MSM, Illegal Immigration and Separating Pro-Life from Its Meaning
Sometimes children need to be separated from their families.
Thank God some of my siblings were separated from their parents. Some were physically or sexually abused. It’s why we have a foster care system—to protect children from neglect and abuse. My parents (you know, the “prolifers who don’t care about kids after they’re born”) adopted and loved ten children and sacrificially cared for every one of us.
Our family was made possible by children being protected and separated from biological parents whose actions caused them harm.
MSNBC’s Ali Velshi asks “What Would Jesus Do” in a bizarre segment using Scripture to justify illegal immigration. Velshi reads numerous passages including Matthew 19 & 25, Jeremiah 22:3 and others. He then solicits opinions from Father James Martin, a Jesuit priest who is known for radically taking Scripture out of context regarding homosexuality.
In Matthew 19:13-14, the disciples were not allowing children to be brought to Jesus for him to lay hands on them and pray for them. Jesus said the “Kingdom of Heaven” (100% certain he wasn’t referencing America) belongs to children, too, as well as adults.
Jeremiah 22:3 states: “This is what the Lord says: Do what is just and right. Rescue from the hand of the oppressor the one who has been robbed. Do no wrong or violence to the foreigner, the fatherless or the widow, and do not shed innocent blood in this place.” Having a compassionate immigration system that applies equally to all is just and right. More importantly, how does a rabidly pro-abortion news network preach to us about not shedding innocent blood in this place when the border situation is not about anyone detained being killed? Abortion, however, happens within our borders, shedding the blood of over 2,500 children violently separated from their families every day.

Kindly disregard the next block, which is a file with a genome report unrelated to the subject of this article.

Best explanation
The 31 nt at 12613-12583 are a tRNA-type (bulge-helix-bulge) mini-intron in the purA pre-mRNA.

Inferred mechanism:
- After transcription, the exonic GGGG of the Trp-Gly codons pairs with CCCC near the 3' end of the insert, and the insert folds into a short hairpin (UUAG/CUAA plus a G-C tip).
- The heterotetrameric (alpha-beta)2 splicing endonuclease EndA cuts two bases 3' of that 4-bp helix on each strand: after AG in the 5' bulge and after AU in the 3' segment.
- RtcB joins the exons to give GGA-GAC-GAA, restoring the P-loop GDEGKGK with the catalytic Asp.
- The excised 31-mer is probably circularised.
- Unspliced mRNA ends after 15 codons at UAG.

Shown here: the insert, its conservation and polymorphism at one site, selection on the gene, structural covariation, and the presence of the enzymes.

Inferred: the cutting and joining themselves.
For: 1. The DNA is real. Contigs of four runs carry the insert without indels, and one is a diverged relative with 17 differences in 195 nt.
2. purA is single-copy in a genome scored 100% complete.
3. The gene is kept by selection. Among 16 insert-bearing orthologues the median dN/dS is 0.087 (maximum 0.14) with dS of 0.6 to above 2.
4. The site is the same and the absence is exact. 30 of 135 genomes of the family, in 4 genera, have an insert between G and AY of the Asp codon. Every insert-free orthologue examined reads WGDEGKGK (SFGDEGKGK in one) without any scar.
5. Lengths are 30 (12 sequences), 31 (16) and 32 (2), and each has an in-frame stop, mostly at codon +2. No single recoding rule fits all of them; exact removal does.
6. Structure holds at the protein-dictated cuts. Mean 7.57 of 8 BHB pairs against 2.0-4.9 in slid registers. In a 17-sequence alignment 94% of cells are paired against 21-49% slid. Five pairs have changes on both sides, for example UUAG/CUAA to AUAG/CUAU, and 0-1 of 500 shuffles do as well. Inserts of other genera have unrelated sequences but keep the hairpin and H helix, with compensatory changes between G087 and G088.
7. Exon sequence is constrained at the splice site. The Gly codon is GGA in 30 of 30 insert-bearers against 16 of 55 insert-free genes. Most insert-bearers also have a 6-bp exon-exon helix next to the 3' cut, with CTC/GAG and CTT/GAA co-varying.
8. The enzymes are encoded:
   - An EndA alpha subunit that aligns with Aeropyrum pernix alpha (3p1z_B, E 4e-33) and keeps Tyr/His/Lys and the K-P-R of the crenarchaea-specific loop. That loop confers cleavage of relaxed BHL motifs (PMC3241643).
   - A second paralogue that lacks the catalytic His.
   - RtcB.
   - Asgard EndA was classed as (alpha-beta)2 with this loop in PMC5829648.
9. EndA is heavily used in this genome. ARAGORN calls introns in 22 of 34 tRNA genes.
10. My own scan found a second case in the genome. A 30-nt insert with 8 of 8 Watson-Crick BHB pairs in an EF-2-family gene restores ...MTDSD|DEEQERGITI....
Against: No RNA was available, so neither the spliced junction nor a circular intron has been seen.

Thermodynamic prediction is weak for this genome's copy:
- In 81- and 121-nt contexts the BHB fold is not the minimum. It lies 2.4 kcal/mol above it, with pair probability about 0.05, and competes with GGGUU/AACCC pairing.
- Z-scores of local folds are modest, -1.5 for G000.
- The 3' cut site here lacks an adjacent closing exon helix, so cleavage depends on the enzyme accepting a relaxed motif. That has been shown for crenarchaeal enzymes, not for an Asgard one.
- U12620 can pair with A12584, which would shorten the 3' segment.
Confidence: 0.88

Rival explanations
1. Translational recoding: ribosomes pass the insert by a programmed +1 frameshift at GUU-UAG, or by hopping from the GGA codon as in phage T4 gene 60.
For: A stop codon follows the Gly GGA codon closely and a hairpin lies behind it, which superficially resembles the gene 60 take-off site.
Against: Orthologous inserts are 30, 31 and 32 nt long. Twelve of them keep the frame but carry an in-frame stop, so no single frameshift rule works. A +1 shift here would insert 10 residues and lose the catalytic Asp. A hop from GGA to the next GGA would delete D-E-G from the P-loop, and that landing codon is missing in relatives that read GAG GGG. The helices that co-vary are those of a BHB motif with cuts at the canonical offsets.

Matthew 25 begins with how Christ will return and how He will “separate the people one from another as a shepherd separates the sheep from the goats.” No irony there. This section, in context, talks about how we treat the least of these, we also treat Christ.
So MSNBC is now advocating a theocratic approach to federal immigration policy?
As a Christian, I am called to love people—not to eliminate punishment for wrongful actions. I don’t support families being separated at the border unless there is verifiable abuse or neglect. Many parents put their children in peril by illegally crossing when they could cross legally. Let’s not forget the heinous crime of human trafficking across the border. What about these children?
This latest political media tantrum is merely a continuum of resistance against having laws that prescribe what legal immigration is. It doesn’t help, either, that judicial activists (who brought us Flores) have a well-documented history of bringing separate and unequal to the American public.